May came in like a lion for Guardians of the Galaxy Vol. 2, but the month has made box-office mutton of some big-budget action-adventure films.
Can the latest Pirates of the Caribbean instalment break that curse?
Critics say no.
On Rotten Tomatoes, the fifth film in the franchise - called Dead Men Tell No Tales - has nabbed just a 34 per cent approval rating ahead of its debut in New Zealand on Thursday.
Many said Johnny Depp's drunken sailer routine was wearing thin, and claimed the film was all action, no substance.
"Whatever charm and charisma Johnny Depp once had is well and truly lost at sea," TimeOut's Ellie Walker-Arnott.
Cinemablend's Conner Schwerdtfeger agreed, saying the film "proves that it may finally be time for Captain Jack to hang up his sword and give up the pirate's life for good".
Mark Kennedy from AP wrote: "After this fifth episode, you'll wish Disney would just declare the franchise dead and tell no more tales."
And the harshest review came from MaryAnn Johanson from Flick Filosopher.
She wrote: "The franchise finally overstays its welcome with this cacophony of CGI spectacle, a contrived and confusing plot, and a newly cruel and stupid Jack Sparrow."
Over the weekend, Fox's new Alien: Covenant underwhelmed with a US$36 million ($51 million) debut in North America, according to studio estimates this week - a significant drop from its Alien predecessor, Prometheus, which opened to US$51 million in 2012.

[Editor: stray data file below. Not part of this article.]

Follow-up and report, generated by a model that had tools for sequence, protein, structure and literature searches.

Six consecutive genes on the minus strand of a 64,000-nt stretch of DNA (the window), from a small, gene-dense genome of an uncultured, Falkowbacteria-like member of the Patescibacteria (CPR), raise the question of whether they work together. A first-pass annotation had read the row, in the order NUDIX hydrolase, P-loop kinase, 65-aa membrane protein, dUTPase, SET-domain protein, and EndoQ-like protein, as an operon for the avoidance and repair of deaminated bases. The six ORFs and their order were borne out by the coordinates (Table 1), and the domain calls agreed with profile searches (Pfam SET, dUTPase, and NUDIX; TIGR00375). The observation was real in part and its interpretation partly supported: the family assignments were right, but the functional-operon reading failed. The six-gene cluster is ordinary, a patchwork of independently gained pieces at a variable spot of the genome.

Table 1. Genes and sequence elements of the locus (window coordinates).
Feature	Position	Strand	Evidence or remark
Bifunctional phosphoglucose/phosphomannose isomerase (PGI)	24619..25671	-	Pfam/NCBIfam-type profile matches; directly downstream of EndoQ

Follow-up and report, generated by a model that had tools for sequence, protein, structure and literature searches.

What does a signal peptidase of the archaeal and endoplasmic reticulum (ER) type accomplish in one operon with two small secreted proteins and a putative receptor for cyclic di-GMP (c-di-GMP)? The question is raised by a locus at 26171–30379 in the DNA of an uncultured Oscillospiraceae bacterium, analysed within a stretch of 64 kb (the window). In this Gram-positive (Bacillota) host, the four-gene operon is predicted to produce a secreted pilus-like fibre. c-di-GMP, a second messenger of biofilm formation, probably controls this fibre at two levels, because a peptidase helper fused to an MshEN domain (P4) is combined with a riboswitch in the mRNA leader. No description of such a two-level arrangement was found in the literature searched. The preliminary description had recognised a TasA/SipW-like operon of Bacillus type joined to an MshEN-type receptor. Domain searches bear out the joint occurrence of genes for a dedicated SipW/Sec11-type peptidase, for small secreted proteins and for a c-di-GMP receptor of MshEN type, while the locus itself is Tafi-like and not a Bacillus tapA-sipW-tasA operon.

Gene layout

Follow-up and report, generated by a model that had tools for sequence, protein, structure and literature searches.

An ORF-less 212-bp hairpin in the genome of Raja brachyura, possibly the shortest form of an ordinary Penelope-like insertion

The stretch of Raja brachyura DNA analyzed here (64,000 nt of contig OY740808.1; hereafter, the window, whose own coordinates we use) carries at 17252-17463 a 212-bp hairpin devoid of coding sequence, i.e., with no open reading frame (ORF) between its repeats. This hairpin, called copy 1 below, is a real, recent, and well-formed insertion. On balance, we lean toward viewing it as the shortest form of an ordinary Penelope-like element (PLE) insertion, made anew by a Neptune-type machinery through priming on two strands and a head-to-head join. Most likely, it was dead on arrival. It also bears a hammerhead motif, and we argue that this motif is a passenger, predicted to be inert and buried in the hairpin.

The latest Alien is again directed by Ridley Scott, and again stars Michael Fassbender, but that might not be enough for Covenant to catch up to Prometheus.
Covenant edged Guardians 2 by less than US$1 million, meaning even that race could tighten when final numbers land overnight.
That result comes one week after King Arthur: Legend of the Sword bombed with a US$15.4 million opening.
Disney/Marvel's Guardians 2, meanwhile, now sits at US$302 million in North America and US$732.6 million worldwide. It is North America's second biggest film of the year, trailing only Disney's Beauty and the Beast (US$497.8 million), which opened in March.
Now, another Disney release, Pirates of the Caribbean: Dead Men Tell No Tales has a challenging journey in the crowded superhero marketplace. The previous film in the franchise, 2011's On Stranger Tides, opened to US$90.2 million in North America on a US$250 million production budget - a dropoff for Pirates - but was rescued by big international receipts, ultimately topping US$1 billion.
Just one week after Dead Men opens, though, comes Wonder Woman - providing a narrower porthole window for Pirates to top the box office.